Talent, for reasons we don’t know, tends to cluster. Example: 1994 and male stars. Five guys exploded that year, maybe a record — all are still around: Tim Allen, Jim Carrey, Hugh Grant, Brad Pitt, Keanu Reeves.

2002 didn’t have that number of directors, but the quality was sure there — there were three new kids on the block who did work so stunning that I promise I will be there for the first noon showing of their next efforts, popcorn in hand.

Ladies first.

Remember the name Sandra Nettelbeck, please. (Full disclosure: I know nothing about her.) I think she was born in Hamburg, attended San Francisco State. And oh yeah, wrote and directed “Mostly Martha,” one of the half-dozen best pics of the year. (If you see it, do not see it dubbed. As a matter of fact, your life will be a better place if you never again see anything dubbed.)

Her movie is kind of a German romantic comedy, neurotic and sad, and I can’t think of anything quite like it. The lead role is such a stunner that I am more than sure that some studio here will remake it, and if Julia Roberts decides to play the lead, and works at her kitchen skills, (the character of Martha is a sensational chef) chalk up Oscar No. 2.

My No. 2 here did work on what I call “The Movie That Directed Itself.” Let me explain: In the recent issue of Premiere, a magazine that I have written for and like, they list their 10 best movies. Capsule comments on each. Fifty words at most. And in nine of the 10, there is director gush. Aren’t we lucky to have Stevie in this world and bow down, natch, to Marty, and cheers to Todd and these are wonderfully talented fellows, absolutely.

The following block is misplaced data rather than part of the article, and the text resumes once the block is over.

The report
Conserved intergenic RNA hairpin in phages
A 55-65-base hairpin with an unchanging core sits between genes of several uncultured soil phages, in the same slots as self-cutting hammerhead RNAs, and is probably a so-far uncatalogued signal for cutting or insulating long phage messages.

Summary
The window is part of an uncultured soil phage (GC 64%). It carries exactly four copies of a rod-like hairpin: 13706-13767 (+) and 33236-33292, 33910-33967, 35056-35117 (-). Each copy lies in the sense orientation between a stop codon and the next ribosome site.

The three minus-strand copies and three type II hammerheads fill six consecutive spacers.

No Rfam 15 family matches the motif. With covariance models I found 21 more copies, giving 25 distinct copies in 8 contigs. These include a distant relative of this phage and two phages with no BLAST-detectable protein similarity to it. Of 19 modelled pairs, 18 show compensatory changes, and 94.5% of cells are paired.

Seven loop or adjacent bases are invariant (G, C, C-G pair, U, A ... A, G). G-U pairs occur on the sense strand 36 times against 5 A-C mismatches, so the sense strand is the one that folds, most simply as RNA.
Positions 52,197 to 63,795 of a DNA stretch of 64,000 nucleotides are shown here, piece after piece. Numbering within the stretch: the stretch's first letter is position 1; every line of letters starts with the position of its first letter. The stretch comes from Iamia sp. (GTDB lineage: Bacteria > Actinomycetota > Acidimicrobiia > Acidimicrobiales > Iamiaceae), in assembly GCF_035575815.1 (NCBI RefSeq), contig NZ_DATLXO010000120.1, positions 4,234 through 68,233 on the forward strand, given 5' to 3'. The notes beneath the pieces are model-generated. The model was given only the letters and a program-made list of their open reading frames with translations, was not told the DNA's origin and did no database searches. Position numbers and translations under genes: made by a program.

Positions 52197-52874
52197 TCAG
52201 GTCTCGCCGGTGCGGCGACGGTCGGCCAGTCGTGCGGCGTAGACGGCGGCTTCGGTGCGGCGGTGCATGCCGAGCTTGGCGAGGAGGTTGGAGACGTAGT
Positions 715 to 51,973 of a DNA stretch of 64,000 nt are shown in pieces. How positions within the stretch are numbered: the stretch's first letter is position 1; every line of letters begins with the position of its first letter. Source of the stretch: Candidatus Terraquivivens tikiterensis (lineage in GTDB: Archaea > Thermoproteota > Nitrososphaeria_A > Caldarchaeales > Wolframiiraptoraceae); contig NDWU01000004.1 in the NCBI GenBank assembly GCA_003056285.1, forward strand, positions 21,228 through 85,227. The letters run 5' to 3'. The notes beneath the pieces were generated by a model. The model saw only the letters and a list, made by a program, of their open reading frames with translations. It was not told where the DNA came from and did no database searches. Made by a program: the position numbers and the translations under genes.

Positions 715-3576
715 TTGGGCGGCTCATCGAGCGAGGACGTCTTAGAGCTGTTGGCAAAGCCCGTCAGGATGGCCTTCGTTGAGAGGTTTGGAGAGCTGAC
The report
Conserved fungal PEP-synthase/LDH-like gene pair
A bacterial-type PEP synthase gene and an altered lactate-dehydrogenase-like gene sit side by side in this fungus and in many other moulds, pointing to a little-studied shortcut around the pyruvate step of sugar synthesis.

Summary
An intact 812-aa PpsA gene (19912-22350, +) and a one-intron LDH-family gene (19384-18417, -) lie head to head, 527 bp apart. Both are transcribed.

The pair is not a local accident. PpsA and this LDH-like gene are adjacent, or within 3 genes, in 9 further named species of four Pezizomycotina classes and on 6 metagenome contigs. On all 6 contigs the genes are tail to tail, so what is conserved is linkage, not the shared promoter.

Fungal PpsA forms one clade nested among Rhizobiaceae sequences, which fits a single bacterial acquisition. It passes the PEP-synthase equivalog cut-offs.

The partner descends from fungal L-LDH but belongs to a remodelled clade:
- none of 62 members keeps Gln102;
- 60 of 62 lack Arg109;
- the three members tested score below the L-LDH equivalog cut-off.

Not a word about the director of “Chicago.” (And admit it, you’re fumbling for his name right now, too.) I am not being critical of Premiere — no one mentions this guy. (Have you come up with his name yet? No peeking.)

Full disclosure here, just to make you wait longer: the tunes for “Chicago” were written by John Kander, whom I met at camp in the ’30s, went to Oberlin with in the ’40s, roomed with in New York in the ’50s, wrote a flop musical with in the ’60s, and most recently had dinner with two weeks ago at Craft. Great meal. There. Now you know everything.

You think it was easy for any director to get those sensational musical performances out of those actors? You think choreographing those dazzling numbers (yes, he did that too) was done without brilliance and sweat? You think making a hit musical in this day and age is as easy as doing a hit bloodbath pic with Vin Diesel?

Get with it, world. The guy’s name is Rob Marshall — Marshall with two “l”s please — and if he wins the Oscar, I will be smiling.

For me, his chief competition and my third newcomer is Roman Polanski, who directed “The Pianist.” Now, you can make the argument that Polanski has been at his craft for 40-plus years. And if you want to be an asshole pedant, go ahead.

My point is that this work is of such quality — when compared to what he has done the last decades — it amounts to a new life. I thought “Chinatown” was one of the great movies. The same guy who directed that directed this.

In any case, welcome all three.

Final full disclosure: I met Polanski once, in Robert Evans’ office. Mid-1970s. I was there to work on “Marathon Man”; “Chinatown” had recently opened.

We were introduced and, I don’t know why — I guess because everyone Out There is so full of shit — instead of raving on about the film, I said these four words: “Better luck next time.”

And Polanski, after a stunned moment, looked at me as if I was the fool of the world, and said, “What are you talking about, we got many wonderful reviews. Most of them were wonderful. Almost all of them were.”

I can still hear him, still see the look on his face. There, now you really do know everything.